The Muslim Students’ Association hosted an event Thursday aimed at demonstrating solidarity with Black Lives Matter, an activist movement advocating for the freedom and liberty of people in the Black community.
LSA senior Sarah Khan, a panelist and MSA’s social justice and activism director, said the goal of the event was to combat instances of racism that are found in a variety of communities and expressed by a wide range of identities. Khan is a managing editor for The Michigan Daily’s Michigan In Color section.
“As a non-Black person of color, my hope for this event is to combat the anti-Black racism that is present in my own community,” Khan said. “I hope that this event will give us the foundation to understand why the Muslim community must stand in solidarity with the Black community. This is the MSA beginning to take accountability.”
Panelist Dawud Walid, executive director of the Michigan chapter of the Council on American-Islamic Relations, began the discussion by asking the audience to take a different approach to identity.
“The term ‘solidarity’ is to me trying to find the common points and stand with someone who is maybe outside of yourself,” Walid said. “I’d like for us to try and reframe this and look at this as us actually being integrally connected and part of each other."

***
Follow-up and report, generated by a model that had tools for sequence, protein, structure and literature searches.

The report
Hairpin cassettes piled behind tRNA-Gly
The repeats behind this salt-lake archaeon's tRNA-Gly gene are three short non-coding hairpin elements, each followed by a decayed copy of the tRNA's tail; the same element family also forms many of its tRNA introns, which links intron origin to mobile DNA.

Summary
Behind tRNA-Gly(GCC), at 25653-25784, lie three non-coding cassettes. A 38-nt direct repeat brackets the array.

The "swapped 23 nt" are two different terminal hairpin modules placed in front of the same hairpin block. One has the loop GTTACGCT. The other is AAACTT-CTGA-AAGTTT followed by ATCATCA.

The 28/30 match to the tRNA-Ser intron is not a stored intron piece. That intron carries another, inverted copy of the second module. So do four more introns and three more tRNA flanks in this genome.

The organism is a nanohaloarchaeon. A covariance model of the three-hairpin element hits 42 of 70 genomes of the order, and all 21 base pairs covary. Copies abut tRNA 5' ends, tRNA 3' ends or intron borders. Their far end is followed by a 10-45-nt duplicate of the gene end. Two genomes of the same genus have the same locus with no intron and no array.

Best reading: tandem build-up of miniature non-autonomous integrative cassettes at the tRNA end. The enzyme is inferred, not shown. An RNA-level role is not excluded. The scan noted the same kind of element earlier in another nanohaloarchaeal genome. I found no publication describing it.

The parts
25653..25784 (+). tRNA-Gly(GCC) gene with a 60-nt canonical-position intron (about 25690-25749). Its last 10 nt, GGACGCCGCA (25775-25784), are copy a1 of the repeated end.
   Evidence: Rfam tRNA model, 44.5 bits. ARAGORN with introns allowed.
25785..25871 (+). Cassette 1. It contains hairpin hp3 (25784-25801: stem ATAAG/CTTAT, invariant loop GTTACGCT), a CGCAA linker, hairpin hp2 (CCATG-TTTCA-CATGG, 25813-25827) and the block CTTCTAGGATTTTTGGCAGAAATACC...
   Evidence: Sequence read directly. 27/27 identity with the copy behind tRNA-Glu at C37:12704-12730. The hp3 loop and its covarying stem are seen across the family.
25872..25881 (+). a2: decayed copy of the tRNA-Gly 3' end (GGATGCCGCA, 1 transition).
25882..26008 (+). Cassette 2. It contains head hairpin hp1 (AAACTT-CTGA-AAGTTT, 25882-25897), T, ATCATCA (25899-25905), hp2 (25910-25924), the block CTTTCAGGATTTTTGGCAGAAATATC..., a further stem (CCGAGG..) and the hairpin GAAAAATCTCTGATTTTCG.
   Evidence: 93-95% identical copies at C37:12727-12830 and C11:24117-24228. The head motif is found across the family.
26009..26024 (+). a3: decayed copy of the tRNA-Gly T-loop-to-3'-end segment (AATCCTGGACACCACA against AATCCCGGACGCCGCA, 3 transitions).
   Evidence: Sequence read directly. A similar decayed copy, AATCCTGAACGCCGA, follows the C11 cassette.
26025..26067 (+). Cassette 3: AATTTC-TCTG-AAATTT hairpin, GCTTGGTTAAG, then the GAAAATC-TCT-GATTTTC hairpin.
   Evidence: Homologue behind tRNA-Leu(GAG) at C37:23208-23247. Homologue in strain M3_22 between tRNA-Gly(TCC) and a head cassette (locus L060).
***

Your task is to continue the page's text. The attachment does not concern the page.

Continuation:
LSA senior Arnold Reed, an adviser to the Black Student Union, was also on the panel. Reed said BSU was the first place he felt at home at the University of Michigan, and emphasized the positive effects finding that the community had on him. Solidarity, he noted, was key to many communities on campus.
“I want to get to the topic of building solidarity, which is why we are all here today — marginalised students here at UMich,” Reed said. "There's Black students, there's Latino students, there's Native American students, and there's not a lot of us here. We can’t afford not to come together in solidarity.”
He stressed the importance of MSA and BSU students attending each other's events for the educational experience.
“If we can erase that petty mindset that comes with University students who are so centered upon making sure that their individual organization or their resume, or these superficial things, are so padded with junk, then we can really make change,” Reed said.
University alum Donavan McKinney, another panelists, took a different approach to the idea of solidarity. Though he echoed Reed's sentiments about coming together as a campus community, McKinney said he advocated for the Muslim and Black communities coming together economically, by making contributions to one another’s organizations and events.
LSA senior Lehman Robinson, who attended the event, said he has personally struggled with the intersectionality of his Black and Muslim identities.
“Being a Black Muslim it is important to combine our communities and I found it hard to be Black and be Muslim at the same time," Robinson said. “I find it harder to go into the BSU being Muslim.”
This is the third and final MSA event for Black Heritage Month. MSA also hosted a discussion of the African and African-American history of Islam, and a talk on mass incarceration from the lens of a Muslim narrative leading up to Thursday's panel.